Ubuntu (philosophy): Wikis

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Experience ubuntu.ogg
Nelson Mandela explains the concept of Ubuntu

Ubuntu is an ethic or humanist philosophy focusing on people's allegiances and relations with each other. The word has its origin in the Bantu languages of southern Africa. Ubuntu is seen as a classical African concept.[1] The Ubuntu operating system was named for this principle.[2]

Contents

Meaning

Archbishop Desmond Tutu offered a longer definition in a 1999 book[3]:

A person with Ubuntu is open and available to others, affirming of others, does not feel threatened that others are able and good, for he or she has a proper self-assurance that comes from knowing that he or she belongs in a greater whole and is diminished when others are humiliated or diminished, when others are tortured or oppressed.

Archbishop Desmond Tutu further explained Ubuntu in 2008:

One of the sayings in our country is Ubuntu - the essence of being human. Ubuntu speaks particularly about the fact that you can't exist as a human being in isolation. It speaks about our interconnectedness. You can't be human all by yourself, and when you have this quality - Ubuntu - you are known for your generosity.

We think of ourselves far too frequently as just individuals, separated from one another, whereas you are connected and what you do affects the whole world. When you do well, it spreads out; it is for the whole of humanity.

Louw (1998) suggests that the concept of ubuntu defines the individual in their several relationships with others, and stresses the importance of ubuntu as a religious concept. He states that while the Zulu maxim umuntu ngumuntu ngabantu ("a person is a person through (other) persons") may have no apparent religious connotations in the context of Western society, in an African context it suggests that the person one is to become by behaving with humanity is an ancestor worthy of respect or veneration. Those who uphold the principle of ubuntu throughout their lives will, in death, achieve a unity with those still living.

Nelson Mandela explained Ubuntu as follows:

A traveler through a country would stop at a village and he didn't have to ask for food or for water. Once he stops, the people give him food, entertain him. That is one aspect of Ubuntu but it will have various aspects. Ubuntu does not mean that people should not enrich themselves. The question therefore is: Are you going to do so in order to enable the community around you to be able to improve?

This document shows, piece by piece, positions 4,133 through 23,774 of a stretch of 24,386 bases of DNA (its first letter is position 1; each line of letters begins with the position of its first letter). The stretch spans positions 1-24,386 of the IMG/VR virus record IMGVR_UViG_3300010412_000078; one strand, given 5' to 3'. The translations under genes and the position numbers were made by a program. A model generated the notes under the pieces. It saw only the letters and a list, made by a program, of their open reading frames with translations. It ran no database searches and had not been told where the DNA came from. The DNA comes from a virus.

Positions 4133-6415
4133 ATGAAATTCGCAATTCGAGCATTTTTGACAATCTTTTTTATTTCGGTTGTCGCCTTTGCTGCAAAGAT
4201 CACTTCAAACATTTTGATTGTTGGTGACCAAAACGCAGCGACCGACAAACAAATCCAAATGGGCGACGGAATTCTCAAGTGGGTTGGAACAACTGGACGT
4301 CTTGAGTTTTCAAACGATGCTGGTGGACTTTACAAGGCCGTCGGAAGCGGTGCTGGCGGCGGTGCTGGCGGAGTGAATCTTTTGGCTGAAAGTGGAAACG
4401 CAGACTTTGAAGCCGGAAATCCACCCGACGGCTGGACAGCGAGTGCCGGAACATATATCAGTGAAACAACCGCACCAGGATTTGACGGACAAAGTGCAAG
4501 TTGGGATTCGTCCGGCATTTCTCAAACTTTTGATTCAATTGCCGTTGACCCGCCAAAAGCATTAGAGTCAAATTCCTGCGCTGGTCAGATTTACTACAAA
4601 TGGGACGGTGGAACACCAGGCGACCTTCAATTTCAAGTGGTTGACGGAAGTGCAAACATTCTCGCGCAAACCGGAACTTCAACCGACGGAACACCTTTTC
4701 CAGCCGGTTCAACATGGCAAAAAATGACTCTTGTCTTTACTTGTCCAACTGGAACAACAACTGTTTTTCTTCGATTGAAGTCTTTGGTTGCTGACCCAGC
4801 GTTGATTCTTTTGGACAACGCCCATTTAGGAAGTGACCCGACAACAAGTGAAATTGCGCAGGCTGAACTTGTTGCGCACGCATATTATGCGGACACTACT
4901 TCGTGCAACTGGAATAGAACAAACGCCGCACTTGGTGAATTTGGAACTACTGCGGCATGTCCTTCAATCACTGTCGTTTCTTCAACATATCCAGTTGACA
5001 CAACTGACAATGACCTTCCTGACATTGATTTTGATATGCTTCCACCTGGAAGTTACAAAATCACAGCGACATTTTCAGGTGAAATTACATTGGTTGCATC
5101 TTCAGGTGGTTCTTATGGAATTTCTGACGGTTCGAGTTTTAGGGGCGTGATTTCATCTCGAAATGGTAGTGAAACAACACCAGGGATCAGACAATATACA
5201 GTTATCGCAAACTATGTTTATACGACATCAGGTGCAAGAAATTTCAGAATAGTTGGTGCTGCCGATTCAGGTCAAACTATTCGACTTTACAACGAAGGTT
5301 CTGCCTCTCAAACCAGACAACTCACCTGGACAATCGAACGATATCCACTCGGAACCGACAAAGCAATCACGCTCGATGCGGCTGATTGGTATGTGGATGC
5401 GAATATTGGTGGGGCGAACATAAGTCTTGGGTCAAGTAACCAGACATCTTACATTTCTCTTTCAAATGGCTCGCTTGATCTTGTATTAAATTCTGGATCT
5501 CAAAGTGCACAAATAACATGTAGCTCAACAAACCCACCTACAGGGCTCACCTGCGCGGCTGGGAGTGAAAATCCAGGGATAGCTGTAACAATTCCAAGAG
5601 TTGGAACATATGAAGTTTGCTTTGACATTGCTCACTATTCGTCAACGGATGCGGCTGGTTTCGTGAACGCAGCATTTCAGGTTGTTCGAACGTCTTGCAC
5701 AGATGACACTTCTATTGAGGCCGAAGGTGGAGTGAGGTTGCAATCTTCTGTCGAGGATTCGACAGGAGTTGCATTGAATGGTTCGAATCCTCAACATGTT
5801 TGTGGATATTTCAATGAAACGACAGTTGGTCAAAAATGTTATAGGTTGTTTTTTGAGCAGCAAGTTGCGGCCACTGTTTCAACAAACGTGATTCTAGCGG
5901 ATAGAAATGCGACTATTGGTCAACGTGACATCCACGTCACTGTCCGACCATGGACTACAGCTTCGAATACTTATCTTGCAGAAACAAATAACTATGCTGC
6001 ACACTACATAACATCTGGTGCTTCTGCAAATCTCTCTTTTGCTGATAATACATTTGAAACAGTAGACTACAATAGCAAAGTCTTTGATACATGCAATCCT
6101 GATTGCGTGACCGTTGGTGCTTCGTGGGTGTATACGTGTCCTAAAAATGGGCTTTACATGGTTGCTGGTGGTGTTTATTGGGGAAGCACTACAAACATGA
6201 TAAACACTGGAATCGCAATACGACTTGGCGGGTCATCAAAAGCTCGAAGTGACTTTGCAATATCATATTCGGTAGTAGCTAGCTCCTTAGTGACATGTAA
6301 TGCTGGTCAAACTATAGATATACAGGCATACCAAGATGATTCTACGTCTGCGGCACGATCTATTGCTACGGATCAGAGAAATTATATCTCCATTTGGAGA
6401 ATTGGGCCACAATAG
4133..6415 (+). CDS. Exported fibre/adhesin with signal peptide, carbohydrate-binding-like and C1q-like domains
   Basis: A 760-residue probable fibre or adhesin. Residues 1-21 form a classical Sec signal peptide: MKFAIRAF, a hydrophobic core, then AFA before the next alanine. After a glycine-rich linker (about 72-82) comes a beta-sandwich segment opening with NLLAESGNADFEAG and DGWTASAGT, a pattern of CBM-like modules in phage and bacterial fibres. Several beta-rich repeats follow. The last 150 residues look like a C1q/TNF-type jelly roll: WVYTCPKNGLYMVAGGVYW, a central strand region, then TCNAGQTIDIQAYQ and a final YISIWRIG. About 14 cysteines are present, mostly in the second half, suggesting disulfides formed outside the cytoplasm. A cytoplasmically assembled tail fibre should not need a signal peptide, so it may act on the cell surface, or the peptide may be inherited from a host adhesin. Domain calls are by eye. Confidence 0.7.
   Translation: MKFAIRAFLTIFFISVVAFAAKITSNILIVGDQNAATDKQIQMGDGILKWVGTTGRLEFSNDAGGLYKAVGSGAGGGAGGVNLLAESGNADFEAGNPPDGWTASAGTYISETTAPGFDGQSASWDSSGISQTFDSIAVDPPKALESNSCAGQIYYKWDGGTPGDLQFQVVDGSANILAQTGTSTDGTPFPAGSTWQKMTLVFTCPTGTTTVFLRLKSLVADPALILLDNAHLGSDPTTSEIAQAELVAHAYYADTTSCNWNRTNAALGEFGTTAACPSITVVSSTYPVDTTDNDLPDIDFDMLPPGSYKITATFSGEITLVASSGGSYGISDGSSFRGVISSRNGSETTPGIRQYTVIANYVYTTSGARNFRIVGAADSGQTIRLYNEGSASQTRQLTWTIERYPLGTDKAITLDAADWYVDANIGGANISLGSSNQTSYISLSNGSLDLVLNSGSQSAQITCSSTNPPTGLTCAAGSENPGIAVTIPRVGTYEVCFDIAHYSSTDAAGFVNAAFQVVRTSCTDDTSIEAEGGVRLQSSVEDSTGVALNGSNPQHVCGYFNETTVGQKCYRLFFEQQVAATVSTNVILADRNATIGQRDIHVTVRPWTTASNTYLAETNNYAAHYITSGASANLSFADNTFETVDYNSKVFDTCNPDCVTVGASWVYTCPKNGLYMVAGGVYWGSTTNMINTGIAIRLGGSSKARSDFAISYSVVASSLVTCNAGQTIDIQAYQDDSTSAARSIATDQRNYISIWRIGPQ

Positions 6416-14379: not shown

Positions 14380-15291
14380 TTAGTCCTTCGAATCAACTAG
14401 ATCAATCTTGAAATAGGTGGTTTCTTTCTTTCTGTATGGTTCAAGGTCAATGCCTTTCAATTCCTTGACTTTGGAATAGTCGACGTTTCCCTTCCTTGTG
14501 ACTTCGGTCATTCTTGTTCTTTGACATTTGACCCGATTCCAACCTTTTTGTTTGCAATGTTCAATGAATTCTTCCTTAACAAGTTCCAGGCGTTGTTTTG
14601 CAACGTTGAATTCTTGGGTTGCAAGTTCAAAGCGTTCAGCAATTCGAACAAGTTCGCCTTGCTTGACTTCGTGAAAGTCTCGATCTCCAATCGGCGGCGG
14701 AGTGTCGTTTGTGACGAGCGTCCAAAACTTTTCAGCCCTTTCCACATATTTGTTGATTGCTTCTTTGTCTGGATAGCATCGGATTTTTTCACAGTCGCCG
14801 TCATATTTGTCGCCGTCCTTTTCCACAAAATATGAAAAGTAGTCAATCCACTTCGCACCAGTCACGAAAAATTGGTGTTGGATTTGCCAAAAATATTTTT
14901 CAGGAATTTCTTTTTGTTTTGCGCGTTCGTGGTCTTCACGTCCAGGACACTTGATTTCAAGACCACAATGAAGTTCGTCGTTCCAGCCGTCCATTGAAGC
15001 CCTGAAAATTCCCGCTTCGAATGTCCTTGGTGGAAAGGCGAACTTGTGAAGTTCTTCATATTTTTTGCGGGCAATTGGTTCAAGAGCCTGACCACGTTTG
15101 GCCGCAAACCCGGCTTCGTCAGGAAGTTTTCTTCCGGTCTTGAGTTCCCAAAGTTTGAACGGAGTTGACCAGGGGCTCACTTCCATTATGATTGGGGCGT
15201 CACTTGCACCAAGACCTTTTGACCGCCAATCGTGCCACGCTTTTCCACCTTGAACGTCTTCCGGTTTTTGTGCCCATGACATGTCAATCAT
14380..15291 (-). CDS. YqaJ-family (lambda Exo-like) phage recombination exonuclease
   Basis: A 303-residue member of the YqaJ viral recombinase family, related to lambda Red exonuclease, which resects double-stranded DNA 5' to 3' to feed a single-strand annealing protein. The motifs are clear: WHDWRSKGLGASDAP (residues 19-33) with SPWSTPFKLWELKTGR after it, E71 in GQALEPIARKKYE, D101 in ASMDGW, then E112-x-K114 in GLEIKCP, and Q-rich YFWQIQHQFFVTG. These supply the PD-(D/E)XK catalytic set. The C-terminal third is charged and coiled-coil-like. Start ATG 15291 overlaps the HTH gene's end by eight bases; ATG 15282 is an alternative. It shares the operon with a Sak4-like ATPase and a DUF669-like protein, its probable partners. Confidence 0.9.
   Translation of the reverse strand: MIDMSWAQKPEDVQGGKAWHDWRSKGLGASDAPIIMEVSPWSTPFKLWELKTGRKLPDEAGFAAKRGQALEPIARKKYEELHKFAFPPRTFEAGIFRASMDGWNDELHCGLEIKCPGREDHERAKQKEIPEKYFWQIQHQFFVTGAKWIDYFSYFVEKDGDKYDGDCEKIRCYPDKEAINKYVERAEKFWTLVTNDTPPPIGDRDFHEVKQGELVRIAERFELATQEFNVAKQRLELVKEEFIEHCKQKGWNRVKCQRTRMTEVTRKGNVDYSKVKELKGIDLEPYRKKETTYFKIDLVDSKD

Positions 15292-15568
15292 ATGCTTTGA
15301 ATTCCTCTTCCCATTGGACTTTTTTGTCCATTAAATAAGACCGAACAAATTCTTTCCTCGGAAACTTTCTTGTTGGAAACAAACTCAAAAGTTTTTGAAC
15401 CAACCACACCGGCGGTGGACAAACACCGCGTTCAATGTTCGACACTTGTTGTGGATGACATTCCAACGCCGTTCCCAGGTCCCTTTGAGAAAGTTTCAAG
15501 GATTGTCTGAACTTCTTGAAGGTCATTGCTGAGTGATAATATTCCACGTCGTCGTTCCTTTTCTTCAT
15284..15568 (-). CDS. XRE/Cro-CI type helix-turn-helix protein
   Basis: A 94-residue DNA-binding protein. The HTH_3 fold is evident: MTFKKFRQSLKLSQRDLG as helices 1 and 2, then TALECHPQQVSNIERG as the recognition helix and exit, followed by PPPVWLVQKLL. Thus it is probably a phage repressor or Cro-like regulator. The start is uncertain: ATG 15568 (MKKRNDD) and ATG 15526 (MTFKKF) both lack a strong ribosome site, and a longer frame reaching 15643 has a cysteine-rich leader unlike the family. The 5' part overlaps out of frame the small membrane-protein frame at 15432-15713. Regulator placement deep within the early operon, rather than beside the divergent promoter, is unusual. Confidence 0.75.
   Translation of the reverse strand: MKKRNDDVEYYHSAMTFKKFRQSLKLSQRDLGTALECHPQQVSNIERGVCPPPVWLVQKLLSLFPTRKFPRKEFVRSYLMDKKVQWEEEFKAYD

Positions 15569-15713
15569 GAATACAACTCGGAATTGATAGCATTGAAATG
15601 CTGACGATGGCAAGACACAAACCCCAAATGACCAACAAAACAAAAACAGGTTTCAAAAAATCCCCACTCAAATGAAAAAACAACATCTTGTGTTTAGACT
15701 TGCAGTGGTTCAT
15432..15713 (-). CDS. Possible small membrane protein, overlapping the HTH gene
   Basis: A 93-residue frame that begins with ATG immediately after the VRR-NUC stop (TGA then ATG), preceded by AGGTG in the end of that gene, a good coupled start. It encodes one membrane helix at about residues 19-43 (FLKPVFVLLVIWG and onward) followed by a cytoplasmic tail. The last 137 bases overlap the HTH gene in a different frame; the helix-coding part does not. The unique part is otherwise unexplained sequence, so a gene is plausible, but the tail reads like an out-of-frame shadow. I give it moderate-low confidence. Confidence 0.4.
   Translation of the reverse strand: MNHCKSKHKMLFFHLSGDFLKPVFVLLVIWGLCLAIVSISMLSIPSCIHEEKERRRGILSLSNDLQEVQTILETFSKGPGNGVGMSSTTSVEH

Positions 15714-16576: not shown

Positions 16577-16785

Change in South Africa

Ubuntu is seen as one of the founding principles of the new republic of South Africa, and is connected to the idea of an African Renaissance. The concept of ubuntu is used in the political sphere to emphasize the need for unity or consensus in decision-making, as well as the need for a suitably humanitarian ethic to inform those decisions.

An interpretation of the concept of ubuntu is illustrated in the film In My Country, about the Truth and Reconciliation Commission, starring Samuel L. Jackson and Juliette Binoche. This interpretation inspired the title of the documentary film I Am Because We Are directed by Nathan Rissman and produced by Raising Malawi founder Madonna.

Zimbabwe

In the Shona language, the majority spoken language in Zimbabwe after English, ubuntu is unhu. The concept of ubuntu is viewed the same in Zimbabwe as in other African cultures, and the Zulu saying is also common in Shona: munhu munhu nekuda kwevanhu.

Stanlake J. W. T. Samkange (1980) highlights the three maxims of Hunhuism or Ubuntuism which shape this philosophy : The first maxim asserts that 'To be human is to affirm one's humanity by recognizing the humanity of others and, on that basis, establish respectful human relations with them.' And 'the second maxim means that if and when one is faced with a decisive choice between wealth and the preservation of the life of another human being, then one should opt for the preservation of life'. The third 'maxim' as a 'principle deeply embedded in traditional African political philosophy' says 'that the king owed his status, including all the powers associated with it, to the will of the people under him'.

While sharing is incorporated within "unhu" it is only one of the multiplicity of virtues within "unhu". In the "unhu" domain, visitors do not need to burden themselves with carrying provisions — all they need is to dress properly and be on the road. All visitors are provided for and protected in every home they pass through without payment being expected. In fact, every individual should try their best to make visitors comfortable — and this applies to everyone who is aware of the presence of a visitor within a locality. This explains how David Livingstone survived on his journeys in Southern Africa especially among ubuntu-oriented societies of the time.

Other manifestations of ubuntu are that it is taboo to call elderly people by their given names; instead they are called by their surnames. This has the effect of banishing individualism and replacing it with a representative role, in which the individual effectively stands for the people among whom he comes from at all times. The individual identity is replaced with the larger societal identity within the individual. Thus, families are portrayed or reflected in the individual and this phenomenon is extended to villages, districts, provinces and regions being portrayed in the individual. This places high demands on the individual to behave in the highest standards and to portray the highest possible virtues that society strives for. "Unhu" embodies all the invaluable virtues that society strives for towards maintaining harmony and the spirit of sharing among its members.

A key concept associated with "unhu" is how we behave and interact in our various social roles, e.g., daughters-in-law traditionally kneel down when greeting their parents-in-law and serve them food as a sign of respect and maintain the highest standards of behaviour that will be extended or reflected to her family and all the women raised in that family. The daughter-in-law does this as part of the ambassadorial function that she plays and assumes at all times. However, this does not apply only to daughters-in-law but to all women in general, even among friends and equals such as brother and sister, and this does not imply that the woman is subordinate to the man, or sister to brother. It is all essentially considered to be a characteristic of having "unhu" and a social interaction within the context of "unhu". The demands imposed upon men within the context of "unhu" are more physically demanding than that placed upon the woman.